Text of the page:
It’s not ALL about the academic (2)

Having outlined our premise in the first of these articles we can now look in more depth at vital outcomes that are so important in the education of primary children.

Lets state again our starting point:

The principle aim of education is to prepare children for the outside world.

Children bring with them the influences of their own personal experiences and life situations – irrespective of their family situation, these will affect the way they see and interact with the world around them. It does not matter at what level of society the child inhabits …the effect of these influences will be directly reflected in the child’s actions and personality.

These influences come in 2 forms

  • Deep seated –¬†that the child has experienced over a period of time and have become ingrained in their lives.
  • Day to day variables where children react to situations that have occurred.

Both of these are rated as either positive or negative and either can have long lasting effects.

Hopefully the children in your class will be happy and carefree…because that’s how children should be! A child should feel safe and protected and should have the freedom to grow and develop through a wonderful childhood to become a well balanced, outgoing and responsible member of society. – However this is not always the case.

You see, what the curriculum mania omits, is the fact that life’s influences on children DIRECTLY affect their learning situation and that varying degrees of crisis WILL take priority in the child’s life to the exclusion of all else.

It is against this background that we, as teachers, find ourselves.

So just how do we approach these sort of situations.

Lets start by looking at what school means to children – it should be where…

  • We learn interesting and exciting things.
  • Children achieve success at whatever level.
  • Friends can meet and have fun.
  • There¬†are variety in activities
  • A safe place
  • Children can get away from their life outside
  • Each child can trust the adult members of staff
  • Children can confide in trusted adults
  • It is warm and they get fed.
  • There is order and organisation

Its not an exhaustive list but you can see the sort of things that we are considering. The lower half of the list in italics looks at the meaning of school for some children and when we consider those sort of statements it makes for sad reading doesn’t it?

Now it is not the purpose of this article to comment on the life situations of children outside of the school. However it is a harsh reality that we, as teachers, can have very little effect on what happens to the children once they leave our care. (except in extreme situations)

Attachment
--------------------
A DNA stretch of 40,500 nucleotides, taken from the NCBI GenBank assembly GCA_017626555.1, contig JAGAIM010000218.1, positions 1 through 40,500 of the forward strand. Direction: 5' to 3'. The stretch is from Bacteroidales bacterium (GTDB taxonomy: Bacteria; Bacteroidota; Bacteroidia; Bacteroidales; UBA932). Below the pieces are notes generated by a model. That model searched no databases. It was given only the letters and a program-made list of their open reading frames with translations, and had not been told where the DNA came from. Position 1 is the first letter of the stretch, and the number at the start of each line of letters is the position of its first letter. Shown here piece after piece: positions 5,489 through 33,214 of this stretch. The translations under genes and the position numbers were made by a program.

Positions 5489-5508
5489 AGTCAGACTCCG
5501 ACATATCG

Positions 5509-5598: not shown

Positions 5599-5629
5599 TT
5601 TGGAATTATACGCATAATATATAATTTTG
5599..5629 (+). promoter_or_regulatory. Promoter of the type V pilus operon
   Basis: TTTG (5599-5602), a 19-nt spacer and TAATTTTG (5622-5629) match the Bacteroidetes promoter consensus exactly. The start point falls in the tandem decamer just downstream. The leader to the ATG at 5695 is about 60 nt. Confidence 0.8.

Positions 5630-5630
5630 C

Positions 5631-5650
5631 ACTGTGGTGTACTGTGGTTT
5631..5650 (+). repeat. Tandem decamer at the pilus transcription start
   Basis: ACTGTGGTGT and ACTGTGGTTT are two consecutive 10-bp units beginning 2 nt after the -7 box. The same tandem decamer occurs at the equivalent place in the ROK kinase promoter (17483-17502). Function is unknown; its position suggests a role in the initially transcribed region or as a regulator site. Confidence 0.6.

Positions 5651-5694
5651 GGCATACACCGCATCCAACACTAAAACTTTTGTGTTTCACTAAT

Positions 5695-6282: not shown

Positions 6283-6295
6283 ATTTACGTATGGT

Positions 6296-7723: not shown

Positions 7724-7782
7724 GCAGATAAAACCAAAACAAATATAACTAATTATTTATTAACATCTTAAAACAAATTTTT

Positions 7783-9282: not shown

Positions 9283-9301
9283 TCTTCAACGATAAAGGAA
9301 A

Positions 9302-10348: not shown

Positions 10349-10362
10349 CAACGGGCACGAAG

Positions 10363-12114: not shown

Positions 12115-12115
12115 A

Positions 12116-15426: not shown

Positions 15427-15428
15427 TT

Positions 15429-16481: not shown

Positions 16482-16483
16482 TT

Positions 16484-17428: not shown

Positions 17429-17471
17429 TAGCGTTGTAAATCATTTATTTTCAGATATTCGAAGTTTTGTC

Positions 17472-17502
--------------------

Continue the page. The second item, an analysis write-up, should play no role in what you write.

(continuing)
What we can do though is to provide all the aspects listed above for the time that children are at school.

The main thing that we need to provide for all children is a place of stability and order

This is for all the children in our class irrespective of any problems that they might have either immediate or long term. Everyone in life needs to have a sense of belonging and desires a familiar place where they know what is expected and how everything works around them. This is the same for adults as for children. But it is magnified for children especially if there home life is traumatic and chaotic.

The more chaotic a child’s outside existence the more they need order and stability in school.

So lets get back to the initial title of this article…..”it’s not all about the academic!”

child-alone

In bringing a reflection of their problems into school we can see how this affects the children in EVERY aspect of their school life.

  • Behaviour
  • Personal interactions with other children
  • Personal interactions with adults and authority
  • Confidence
  • Self esteem and self worth
  • Concentration
  • Aspirational
  • Standards of work

And so the list can go on and on.

Some children will present these symptoms on a permanent basis whereas other children may start to show some or all of these symptoms in response to situations that have recently occurred (and of course these changes are an immediate indication of a problem).

In identifying all these areas, I have to tell you that there is no easy fix…there never is unfortunately.

However you must start by having an environment of stability and order that is predictable to the children in your class. We have discussed Classroom management strategies previously and you should stick with these no matter what happens. Everyone in class should know that your strategies are firm but fair and they must be able to predict what happens and when. In a childs world of unpredictability this is VITAL.

One of the mistakes that teachers make is to back off or give special consideration to a child having problems. This does not work – and we will look at just why in the next part of this article series.

Charles

 

 

 

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